After years of near-moribund status fueled by a prolonged recession and problems in federal assistance programs, America’s housing market trend appears to be up, at least in the Beehive state.
Alan Blood of Capital Financial Group, based in Bountiful, Utah, says that figures for the population-heavy Wasatch Front area of Utah show that there is reason to hope the market is stabilizing. Although there has been a 30% decrease in the number of homes on the market however there has been a 5 percent increase in loan applications in recent months. Good prices and quicker sales are evidence of a reviving market.
“At least in Utah, where $200,000 is the median price for a home, that’s good news for everybody,” said Blood. He talks about housing market realities every Friday from 9 to 10 a.m. on local K-TALK Radio, AM 630. (Visit K-TALK.com for details.)
A graduate in economics from BYU, Blood became a mortgage broker. He also received a degree in Law by attending Brigham Young University’s Law School. With the law degree under his belt, he re-examined his career goals. He found the study of law useful to continue his career in mortgage brokering which he really enjoys.
Based on long experience, Blood can offer some suggestions to those who are in the throes of buying a home or considering it in the near future:
Don’t Buy Too Small
It’s probably the most common mistake first-time buyers make, he says. Especially if the buyers are a new family with potential for growth, a small home can quickly become inadequate, calling for a new purchase in only a few years, before the initial costs of home-buying are recouped. There is little equity accrued, so too much of the new purchase goes into the front-end process, he says. If possible, it is wiser to look ahead at least ten years to allow for equity growth before taking the plunge again. The average time a family stays in a new home, according to Fannie Mae figures, is 4.2 years. And, also on average, the typical family makes six moves in a lifetime.
Don’t Focus Only On The Interest Rate
It’s understandable that with a long-term loan, the tendency would be to consider the interest rate to be the most pertinent consideration the buyer needs to look at.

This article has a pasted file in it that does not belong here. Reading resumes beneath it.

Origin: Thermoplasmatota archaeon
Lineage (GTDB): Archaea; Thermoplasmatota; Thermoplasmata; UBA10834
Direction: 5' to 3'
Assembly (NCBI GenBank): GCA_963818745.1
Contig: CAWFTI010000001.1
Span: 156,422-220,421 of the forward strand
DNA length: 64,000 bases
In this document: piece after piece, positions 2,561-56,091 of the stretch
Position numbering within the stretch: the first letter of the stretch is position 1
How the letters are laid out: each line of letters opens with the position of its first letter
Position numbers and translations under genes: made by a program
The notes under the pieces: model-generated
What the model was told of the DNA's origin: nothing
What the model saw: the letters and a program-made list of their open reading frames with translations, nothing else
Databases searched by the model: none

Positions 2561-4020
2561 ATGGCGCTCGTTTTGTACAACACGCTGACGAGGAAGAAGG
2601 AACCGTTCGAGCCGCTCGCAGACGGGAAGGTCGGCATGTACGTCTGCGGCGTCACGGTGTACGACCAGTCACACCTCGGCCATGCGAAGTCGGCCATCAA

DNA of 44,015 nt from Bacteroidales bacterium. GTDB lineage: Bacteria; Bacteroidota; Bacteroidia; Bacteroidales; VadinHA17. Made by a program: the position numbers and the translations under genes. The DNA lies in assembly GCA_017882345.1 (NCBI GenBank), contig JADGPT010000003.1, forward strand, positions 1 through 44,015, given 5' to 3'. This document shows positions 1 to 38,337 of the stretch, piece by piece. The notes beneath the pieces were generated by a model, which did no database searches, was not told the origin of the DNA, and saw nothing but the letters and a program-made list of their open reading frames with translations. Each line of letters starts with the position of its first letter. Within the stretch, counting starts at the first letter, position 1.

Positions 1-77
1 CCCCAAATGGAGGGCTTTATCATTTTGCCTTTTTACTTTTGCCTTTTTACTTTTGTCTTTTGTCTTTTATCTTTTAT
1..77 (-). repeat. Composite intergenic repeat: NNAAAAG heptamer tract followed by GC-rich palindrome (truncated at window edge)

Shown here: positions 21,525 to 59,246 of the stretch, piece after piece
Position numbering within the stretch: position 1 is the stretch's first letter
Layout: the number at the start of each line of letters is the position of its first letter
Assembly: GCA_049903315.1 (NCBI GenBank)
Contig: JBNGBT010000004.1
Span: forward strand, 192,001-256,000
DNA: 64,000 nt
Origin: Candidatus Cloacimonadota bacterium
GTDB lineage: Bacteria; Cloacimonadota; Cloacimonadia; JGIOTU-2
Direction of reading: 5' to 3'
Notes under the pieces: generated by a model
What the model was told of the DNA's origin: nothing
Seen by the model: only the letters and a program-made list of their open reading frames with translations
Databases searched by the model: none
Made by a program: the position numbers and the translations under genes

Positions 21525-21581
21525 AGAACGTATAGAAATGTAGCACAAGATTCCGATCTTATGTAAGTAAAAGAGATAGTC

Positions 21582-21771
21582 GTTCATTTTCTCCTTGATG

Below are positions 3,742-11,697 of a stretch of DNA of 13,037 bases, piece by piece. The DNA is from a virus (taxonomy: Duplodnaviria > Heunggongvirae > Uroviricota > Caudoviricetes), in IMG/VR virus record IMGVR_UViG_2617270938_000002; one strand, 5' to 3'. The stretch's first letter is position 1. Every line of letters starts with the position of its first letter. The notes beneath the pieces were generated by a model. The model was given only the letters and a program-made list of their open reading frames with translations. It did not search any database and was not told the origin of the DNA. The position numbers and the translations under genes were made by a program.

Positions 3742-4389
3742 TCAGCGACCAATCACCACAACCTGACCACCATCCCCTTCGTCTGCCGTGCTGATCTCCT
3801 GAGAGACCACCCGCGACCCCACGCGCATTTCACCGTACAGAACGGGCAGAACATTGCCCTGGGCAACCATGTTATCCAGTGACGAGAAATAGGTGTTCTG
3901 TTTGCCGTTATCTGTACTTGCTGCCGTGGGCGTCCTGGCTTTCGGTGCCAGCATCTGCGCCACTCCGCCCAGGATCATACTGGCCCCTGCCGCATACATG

In reality, the advantage of a very low interest rate can quickly be cancelled by higher closing costs. Spread over 30 years, for instance, the difference between an interest rate of 3.5 percent and 3.75 percent is just $3,250 —approximately $27 per month. “It takes your about 10 years to break even,” Blood says. Looking at every element of the purchase costs is essential to get the best deal overall.
Mortgage Brokers Can Help Get The Best Deals
“No bank will always have the best deal every day. Mortgage brokers work with as many as 18 banks in any given day,” Blood notes. Interest rates and other variables involved in a home purchase change frequently, often within a day’s time. In addition, federal law requires that mortgage brokers give the best rate a buyer can qualify for, a standard that banks and credit unions are not obliged to observe.
In general, Blood advises that home buyers go into the search armed with as many facts as possible. It’s one of the most complex and demanding purchases a family is likely to make and it deserves some study and research. Begin the process educated and enlist a good broker to make recommendations. As the market continues to improve over the next few years, these are the buyers who will benefit from the rebound, he says. Contact him for more information about mortgage loans.